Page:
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Despite the fevered reports rocketing around the Internet recently, NASA is not on the verge of developing a fuel-free, faster-than-light propulsion system, space agency officials stress.
A team based at NASA's Johnson Space Center (JSC) in Houston reportedly tested a prototype engine system in a vacuum recently and determined that it produced a small amount of thrust. This news was disclosed on a NASASpaceflight.com forum earlier this year, and last week, it hit the broader Internet with a vengeance, as some pieces linked the technology to a long-sought "warp drive."
Why all the attention? The novel thruster system is based on the EmDrive, a British invention said to create thrust without propellant by bouncing microwaves around inside a chamber. If it works, the engine could revolutionize spaceflight — and it would apparently violate the laws of physics, as well. [Superfast Spacecraft Propulsion Concepts (Images)]
But NASA is downplaying the research and its potential to deliver a huge propulsion breakthrough in the near future.
"While conceptual research into novel propulsion methods by a team at NASA's Johnson Space Center in Houston has created headlines, this is a small effort that has not yet shown any tangible results," NASA officials told Space.com in a statement. "NASA is not working on 'warp drive' technology."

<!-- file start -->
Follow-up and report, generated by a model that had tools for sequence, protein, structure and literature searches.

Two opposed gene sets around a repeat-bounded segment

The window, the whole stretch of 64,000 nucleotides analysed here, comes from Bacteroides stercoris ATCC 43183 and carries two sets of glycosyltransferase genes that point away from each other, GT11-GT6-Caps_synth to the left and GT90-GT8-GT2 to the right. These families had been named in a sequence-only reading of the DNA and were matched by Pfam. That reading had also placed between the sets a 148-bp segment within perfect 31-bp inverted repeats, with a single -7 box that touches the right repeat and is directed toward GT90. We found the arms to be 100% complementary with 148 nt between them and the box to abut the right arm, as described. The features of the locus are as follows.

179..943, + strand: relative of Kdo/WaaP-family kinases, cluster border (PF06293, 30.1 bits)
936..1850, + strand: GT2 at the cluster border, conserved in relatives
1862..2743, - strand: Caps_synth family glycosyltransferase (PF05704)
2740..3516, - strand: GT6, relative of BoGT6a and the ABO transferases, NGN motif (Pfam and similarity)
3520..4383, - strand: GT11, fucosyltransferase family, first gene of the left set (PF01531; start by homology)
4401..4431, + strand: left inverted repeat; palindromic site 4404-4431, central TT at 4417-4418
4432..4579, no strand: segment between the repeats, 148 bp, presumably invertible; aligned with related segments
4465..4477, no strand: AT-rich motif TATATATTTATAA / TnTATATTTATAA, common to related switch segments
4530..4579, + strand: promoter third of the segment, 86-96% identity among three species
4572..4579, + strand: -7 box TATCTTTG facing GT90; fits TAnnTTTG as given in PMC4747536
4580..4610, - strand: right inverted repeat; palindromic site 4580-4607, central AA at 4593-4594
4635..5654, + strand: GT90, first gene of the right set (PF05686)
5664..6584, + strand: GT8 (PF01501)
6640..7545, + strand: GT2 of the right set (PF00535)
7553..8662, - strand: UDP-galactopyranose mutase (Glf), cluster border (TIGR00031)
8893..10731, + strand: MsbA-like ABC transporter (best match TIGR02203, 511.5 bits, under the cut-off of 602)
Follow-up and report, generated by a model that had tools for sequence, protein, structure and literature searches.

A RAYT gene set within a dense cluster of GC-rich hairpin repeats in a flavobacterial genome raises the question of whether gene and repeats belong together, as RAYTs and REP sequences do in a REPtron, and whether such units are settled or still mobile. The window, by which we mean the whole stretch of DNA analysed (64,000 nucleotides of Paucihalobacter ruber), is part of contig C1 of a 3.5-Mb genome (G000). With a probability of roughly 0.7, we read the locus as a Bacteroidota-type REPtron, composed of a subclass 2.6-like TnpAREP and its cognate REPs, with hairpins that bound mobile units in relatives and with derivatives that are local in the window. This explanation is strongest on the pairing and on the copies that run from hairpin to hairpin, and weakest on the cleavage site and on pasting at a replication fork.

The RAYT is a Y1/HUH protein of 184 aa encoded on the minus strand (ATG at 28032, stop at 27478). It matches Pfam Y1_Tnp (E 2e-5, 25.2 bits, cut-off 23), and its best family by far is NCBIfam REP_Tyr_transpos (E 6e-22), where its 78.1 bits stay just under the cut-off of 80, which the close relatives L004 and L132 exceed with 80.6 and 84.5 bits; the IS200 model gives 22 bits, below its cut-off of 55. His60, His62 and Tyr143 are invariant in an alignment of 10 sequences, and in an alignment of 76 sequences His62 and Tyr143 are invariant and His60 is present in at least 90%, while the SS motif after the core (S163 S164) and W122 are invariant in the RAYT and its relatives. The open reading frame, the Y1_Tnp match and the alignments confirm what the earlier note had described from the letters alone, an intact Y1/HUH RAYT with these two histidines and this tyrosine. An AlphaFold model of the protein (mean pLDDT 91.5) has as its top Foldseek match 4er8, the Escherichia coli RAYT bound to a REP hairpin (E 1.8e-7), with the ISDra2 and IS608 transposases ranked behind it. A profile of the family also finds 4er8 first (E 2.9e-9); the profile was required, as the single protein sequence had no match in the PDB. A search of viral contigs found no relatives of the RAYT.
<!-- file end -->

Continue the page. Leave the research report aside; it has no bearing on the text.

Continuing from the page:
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The novel space engine design would seem to produce more energy than is put into it, violating the law of conservation of energy, which (simply put) says that energy cannot be destroyed or created.
"The reason it's controversial is, it violates Newton's Third Law," Brian Koberlein, an astrophysicist who studies general relativity and computational astrophysics, told Space.com.
It's possible that electromagnetic leaks in the chamber or coupling with Earth's magnetic field are responsible for the supposedly impossible result, said Koberlein, who is based at the Rochester Institute of Technology. But the recent test in the vacuum chamber, if it is indeed valid, does rule out another prosaic explanation — that the engine was pushing against Earth's atmosphere in some way, he added.
Outside scientists are understandably eager to know just what the JSC Eagleworks team has managed to achieve, and how they did it. But observers can't perform such an evaluation at the moment, because the work hasn't been submitted for peer review, said Koberlein.